Starter Motors

Starter Motors

Estimated study time 30 Minutes.

Starter motors are very high current devices, they are the only device on board that can be connected directly to a battery with no fuse. A thorough understanding of the mechanism of and the wiring to your starter motor can get you out of a few tricky situations at sea, and help you spot problems before they become serious.

Most problems with starting circuits emanate from a lack of maintenance to the:

  1. Batteries
  2. Battery terminals
  3. Engine Negative connection (sometimes, misleadingly this is called the engine ground, or engine earth)

As mentioned earlier in the course, all connections between the start battery and the starter motor, must be periodically checked, cleaned and coated with dielectric grease, do not use vaseline!

Problems can arise from low battery state of charge that can cause the starter to stick.

The lesson below covers how the starter motor works, how its wired and how to find and repair common faults with your engine starting system. But prevention is much better, in all but a handful of cases a faulty starting system is due to a lack of maintenance and periodic testing, most faults can be pre-empted. Knowing your boat is the best tool for diagnosing potential problems, does it take longer to start, does the starting sound different than usual, if so carry out the tests as shown in the video lesson below. At this stage you should be familiar with batteries, relays, solenoids, cleaning and testing connections, and using the multimeter, and clamp meter, if not please complete those sections first.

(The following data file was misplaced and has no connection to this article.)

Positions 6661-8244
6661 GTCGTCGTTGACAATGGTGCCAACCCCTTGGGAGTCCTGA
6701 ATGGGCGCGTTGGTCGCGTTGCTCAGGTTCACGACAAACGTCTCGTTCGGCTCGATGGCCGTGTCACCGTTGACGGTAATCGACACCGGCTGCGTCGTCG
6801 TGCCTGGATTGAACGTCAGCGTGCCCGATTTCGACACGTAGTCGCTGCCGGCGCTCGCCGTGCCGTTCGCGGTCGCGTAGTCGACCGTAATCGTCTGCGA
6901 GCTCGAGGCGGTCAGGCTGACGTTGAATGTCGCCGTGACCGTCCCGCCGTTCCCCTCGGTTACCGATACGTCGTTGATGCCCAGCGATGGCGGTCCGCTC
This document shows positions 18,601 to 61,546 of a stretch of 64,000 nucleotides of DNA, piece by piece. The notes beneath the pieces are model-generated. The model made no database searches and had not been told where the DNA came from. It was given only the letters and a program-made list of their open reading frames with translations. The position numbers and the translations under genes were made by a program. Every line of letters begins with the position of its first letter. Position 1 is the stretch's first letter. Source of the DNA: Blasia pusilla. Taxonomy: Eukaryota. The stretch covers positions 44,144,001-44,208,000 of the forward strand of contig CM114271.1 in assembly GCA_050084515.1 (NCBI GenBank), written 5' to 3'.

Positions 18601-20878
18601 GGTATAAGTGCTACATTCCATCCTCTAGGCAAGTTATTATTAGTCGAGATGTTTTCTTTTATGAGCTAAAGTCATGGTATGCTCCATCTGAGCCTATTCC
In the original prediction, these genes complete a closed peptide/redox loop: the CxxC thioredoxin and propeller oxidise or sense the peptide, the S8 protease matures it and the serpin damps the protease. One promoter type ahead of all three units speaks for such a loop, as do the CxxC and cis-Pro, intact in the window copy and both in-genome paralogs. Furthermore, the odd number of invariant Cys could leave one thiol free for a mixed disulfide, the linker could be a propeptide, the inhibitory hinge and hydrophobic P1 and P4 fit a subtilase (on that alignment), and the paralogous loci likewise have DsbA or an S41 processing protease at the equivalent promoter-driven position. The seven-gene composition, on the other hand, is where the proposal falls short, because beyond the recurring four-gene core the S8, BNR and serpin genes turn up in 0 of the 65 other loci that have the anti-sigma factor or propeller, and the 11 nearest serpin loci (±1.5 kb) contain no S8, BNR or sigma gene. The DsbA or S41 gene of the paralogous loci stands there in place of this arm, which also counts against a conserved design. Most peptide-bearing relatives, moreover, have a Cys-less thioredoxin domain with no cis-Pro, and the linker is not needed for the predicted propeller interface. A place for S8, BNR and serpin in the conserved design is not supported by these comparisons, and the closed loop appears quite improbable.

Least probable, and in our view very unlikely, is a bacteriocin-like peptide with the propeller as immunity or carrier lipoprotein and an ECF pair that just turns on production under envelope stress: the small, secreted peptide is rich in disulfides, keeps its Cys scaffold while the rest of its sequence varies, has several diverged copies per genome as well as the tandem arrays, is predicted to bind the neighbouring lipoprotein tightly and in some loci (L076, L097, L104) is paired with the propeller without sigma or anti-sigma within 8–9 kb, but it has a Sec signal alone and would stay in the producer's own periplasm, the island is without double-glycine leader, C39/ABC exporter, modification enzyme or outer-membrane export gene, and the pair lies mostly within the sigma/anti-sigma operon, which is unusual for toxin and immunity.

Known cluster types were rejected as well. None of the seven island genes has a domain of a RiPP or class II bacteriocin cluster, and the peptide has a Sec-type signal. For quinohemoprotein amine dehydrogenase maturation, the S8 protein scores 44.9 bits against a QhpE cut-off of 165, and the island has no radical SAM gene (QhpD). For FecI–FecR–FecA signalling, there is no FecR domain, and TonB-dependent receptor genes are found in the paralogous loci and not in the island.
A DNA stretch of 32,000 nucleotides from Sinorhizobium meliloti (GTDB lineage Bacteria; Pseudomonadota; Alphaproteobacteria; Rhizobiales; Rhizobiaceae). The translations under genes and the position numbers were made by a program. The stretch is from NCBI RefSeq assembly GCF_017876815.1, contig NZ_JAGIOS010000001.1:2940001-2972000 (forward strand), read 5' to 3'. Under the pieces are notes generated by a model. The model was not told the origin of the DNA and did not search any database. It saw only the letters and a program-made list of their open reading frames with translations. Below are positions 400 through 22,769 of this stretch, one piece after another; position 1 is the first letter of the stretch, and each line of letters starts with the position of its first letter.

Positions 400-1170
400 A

The Engine Starting Process.

Each time you press the start button you initiate a cascade of events.

  1. The start button connects power to the start relay
  2. The start relay connects the power to the start solenoid
  3. The start solenoid connects power to the starter motor

Each of the above processes should be thought of as stand alone circuits, that can be tested individually, the first process is simply a start button powering an electromagnetic coil in a relay, nothing complicated. The second process is simply another circuit powering a solenoid, and the third is yet another circuit providing power to the starter motor. Diagnosing and testing requires us to reduce seemingly complex wiring down to the lowest denominator, ultimately even the most complex of wiring boils down to a collection of very simple single circuits.